As far as the north of Thailand goes, most Thailand itineraries put the emphasis on Chiang Mai. This makes sense as Chiang Mai is a large yet charming city with a great number of attractions. For most people, I think Chiang Mai is the place to go.
But Chiang Rai, which is further east, had plenty to offer as well. The city itself is not as buzzing, but the surrounding province has some nice highlights — from hill tribe treks and mountain-top views over the Mekong to scenic villages among the tea fields.
Chiang Rai vs Chiang Mai
Their names might be just one letter apart, but these two cities are quite different from each other.
Chiang Mai has a population of over 1 million (within the greater Chiang Mai area) which makes it the largest city in northern Thailand. Fortunately, it doesn’t feel overwhelming — Chiang Mai is very green, low-rise, and pretty. Its center is bounded by an ancient city wall and moat, creating a very walkable downtown area that invites random exploration. Chiang Mai is both budget-friendly and cosmopolitan, with many hip cafes, an artsy scene, and many international cuisines available. This has made it a favorite not just with tourists but also with expats from around the world. You can read about some of the best things to do in Chiang Mai.
Chiang Rai has around 200,000 inhabitants, making it about a fifth the size of Chiang Mai. There isn’t much nightlife to speak of, but you might like its low-key vibe. It has some small museums, a night market (much smaller than Chiang Mai’s), and several unique (and very touristy) contemporary Buddhist temples. Chiang Rai is arguably best used as a base for exploring the surrounding province — since there is less traffic and less sprawl, it’s a bit easier to dive straight into the countryside. Compared to Chiang Mai’s more walkable and clustered city center, Chiang Rai’s layout feels less cozy and a bit more dispersed along several arterial roads.
Which one to visit? If you are a first-time visitor to Thailand with limited time then you probably don’t want to skip Chiang Mai. It has broader appeal and can keep you busy for many days! It has a buzzing city life, good day-trips nearby, and it’s also known as an excellent place to learn things (as there are so many Thai cooking, Muay Thai boxing, and Buddhist meditation classes available).
I probably recommend adding Chiang Rai only to your itinerary for a night or two (or more) if you’re traveling around Thailand and aren’t short on time.
Chiang Rai is also a good stepping stone towards Laos if you’re heading that way, as it’s just two hours from the border.
Places to stay in Chiang Rai
The accommodation options in Chiang Rai have much increased in recent years. I remember coming to Chiang Rai for the first time a few years ago and there being only two or three listed hostels in town; now there are dozens. Below are a few suggestions for places to stay at a few different budgets.
Cute hostel with modern rooms, great for meeting people
5-minute walk from Wat Jed Yot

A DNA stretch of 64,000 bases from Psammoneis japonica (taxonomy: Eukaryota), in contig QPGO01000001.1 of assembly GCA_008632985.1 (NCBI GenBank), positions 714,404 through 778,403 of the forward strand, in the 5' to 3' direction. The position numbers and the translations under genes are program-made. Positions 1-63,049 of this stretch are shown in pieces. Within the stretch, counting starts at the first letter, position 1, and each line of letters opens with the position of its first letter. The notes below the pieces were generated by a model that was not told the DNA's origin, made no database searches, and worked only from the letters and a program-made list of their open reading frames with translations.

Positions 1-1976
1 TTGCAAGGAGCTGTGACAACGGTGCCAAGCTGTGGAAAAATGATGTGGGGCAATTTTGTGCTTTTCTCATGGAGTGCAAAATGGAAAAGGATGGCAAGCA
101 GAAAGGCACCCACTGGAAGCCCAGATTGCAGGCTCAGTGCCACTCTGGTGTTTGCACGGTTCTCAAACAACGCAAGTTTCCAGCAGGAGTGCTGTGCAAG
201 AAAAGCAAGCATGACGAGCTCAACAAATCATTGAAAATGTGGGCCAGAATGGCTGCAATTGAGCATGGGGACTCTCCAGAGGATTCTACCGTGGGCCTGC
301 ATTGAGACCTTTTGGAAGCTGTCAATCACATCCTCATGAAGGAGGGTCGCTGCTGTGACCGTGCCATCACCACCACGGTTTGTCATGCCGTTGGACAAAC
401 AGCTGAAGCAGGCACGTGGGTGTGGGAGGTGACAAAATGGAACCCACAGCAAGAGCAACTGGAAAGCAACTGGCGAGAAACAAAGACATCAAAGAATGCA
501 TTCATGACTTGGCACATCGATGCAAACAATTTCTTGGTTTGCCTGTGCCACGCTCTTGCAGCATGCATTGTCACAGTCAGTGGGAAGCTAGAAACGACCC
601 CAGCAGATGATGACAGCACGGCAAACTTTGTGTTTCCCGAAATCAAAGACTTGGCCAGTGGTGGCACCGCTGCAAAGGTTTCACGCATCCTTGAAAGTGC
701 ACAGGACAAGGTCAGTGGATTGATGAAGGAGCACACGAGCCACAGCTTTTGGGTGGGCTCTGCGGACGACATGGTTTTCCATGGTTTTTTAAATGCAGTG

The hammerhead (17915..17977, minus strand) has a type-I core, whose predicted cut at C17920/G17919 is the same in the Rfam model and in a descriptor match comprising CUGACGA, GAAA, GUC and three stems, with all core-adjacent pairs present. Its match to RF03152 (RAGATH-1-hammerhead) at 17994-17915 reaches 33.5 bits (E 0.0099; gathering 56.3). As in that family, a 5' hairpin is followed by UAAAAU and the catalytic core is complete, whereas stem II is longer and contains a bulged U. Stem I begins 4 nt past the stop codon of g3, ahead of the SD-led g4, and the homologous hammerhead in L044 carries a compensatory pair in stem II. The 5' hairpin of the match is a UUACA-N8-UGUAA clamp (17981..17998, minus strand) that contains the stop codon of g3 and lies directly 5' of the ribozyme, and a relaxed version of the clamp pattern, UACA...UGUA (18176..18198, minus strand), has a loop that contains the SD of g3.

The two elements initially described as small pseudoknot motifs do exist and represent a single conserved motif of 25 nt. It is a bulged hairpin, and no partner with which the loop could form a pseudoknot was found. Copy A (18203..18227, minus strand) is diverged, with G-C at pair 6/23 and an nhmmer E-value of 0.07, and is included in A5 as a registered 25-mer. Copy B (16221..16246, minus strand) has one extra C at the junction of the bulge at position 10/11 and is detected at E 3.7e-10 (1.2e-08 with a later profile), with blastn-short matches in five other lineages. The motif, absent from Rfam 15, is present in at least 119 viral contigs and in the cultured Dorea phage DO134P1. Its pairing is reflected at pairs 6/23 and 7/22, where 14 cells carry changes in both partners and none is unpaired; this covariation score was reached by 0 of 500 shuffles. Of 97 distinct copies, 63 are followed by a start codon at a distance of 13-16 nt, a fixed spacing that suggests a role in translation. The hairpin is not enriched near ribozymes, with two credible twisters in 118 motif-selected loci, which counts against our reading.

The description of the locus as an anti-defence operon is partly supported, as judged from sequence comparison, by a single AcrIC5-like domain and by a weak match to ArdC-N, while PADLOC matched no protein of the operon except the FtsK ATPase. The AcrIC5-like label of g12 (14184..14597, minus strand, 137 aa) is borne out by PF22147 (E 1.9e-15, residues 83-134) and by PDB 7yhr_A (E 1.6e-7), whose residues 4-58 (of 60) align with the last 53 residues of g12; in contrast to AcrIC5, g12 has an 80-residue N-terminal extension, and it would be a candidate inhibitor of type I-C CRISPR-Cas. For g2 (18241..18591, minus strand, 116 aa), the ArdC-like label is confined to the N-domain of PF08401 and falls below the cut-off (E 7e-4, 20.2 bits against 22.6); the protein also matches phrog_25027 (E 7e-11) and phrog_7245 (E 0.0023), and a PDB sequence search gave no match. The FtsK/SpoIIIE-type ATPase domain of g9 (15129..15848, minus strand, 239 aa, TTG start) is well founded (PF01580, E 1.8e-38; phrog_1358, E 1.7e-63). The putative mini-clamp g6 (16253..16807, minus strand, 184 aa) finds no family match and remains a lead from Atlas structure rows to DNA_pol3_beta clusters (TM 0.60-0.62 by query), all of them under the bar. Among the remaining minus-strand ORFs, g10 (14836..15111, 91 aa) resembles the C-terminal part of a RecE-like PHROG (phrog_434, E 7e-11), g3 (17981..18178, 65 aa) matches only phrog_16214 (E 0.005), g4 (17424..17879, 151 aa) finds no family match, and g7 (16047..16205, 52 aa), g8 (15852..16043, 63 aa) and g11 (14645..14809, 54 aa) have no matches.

In a peaceful area of Chiang Rai
First luxury resort to establish in Chiang Rai
Things to do in Chiang Rai
The Night Bazaar
Along several streets in the center of town you’ll find market stalls selling hill tribe handicrafts, t-shirts, and other souvenirs [map].
There is also an open-air food court of sorts. This is a great place to find some snacks; try the Thai tempura or fried insects. If you want to settle a bigger appetite, you can’t go wrong with a delicious hot-pot dinner.
There’s a stage here with live music performances, though these will probably be at least a little cheesy. While you’re stirring your hot-pot, you may have to put up with a Thai man’s raspy rendition of Celine Dion’s “My Heart Will Go On”. Oh well…
For a more local food experience, you don’t need to go far. Just a block away from the Night Bazaar (in pretty much any direction) you’ll find plenty of unpretentious restaurants with good cheap eats; I took a seat in one with a CRT TV playing bad karaoke videos.
There’s also a tiny food market on Thanon Banphaprakan [map]. English wasn’t spoken here when I visited, so you may have to resort to pointing at things to order them, but you’ll be sure to get a true Thai street food experience.
The three temples
I know… sigh, more temples!
But even if you’re suffering from temple fatigue, you may wish to give these unique ones a look.
The White Temple is the brainchild of a Thai artist who began its construction in 1997 (and it is still ongoing). At first glance, it appears to be just a majestic and gracious Buddhist temple… but look at the details, and you realize it’s also kind of insane.
Why is there a mural featuring Hello Kitty and Neo from The Matrix? Why does the garden have a sculpture of The Predator? It turns out there is real symbolism intended — it’s all meant to be a reflection on modern life — but this intention isn’t always so clear. It’s beautifully crafted, but also kitschy and bizarre.
The artists’ protege has since started the Blue Temple, still under construction but with the main hall now completed. It is a fine display of contemporary Buddhist art and architecture, with a style less brazen than its antecedent. It can be seen on a shorter visit.
The black house is technically not a temple, though it looks a lot like one. Part art studio and part museum, it’s the creation of another local artist and offers a different interpretation of Buddhist philosophy using darker imagery and motifs.
All three locations are worthwhile but they are definitely tourist traps, with tuk-tuk drivers peddling white/blue/black tours everywhere and many touring buses delivering large groups to each site. Early morning or late afternoon visits might help you beat the crowds.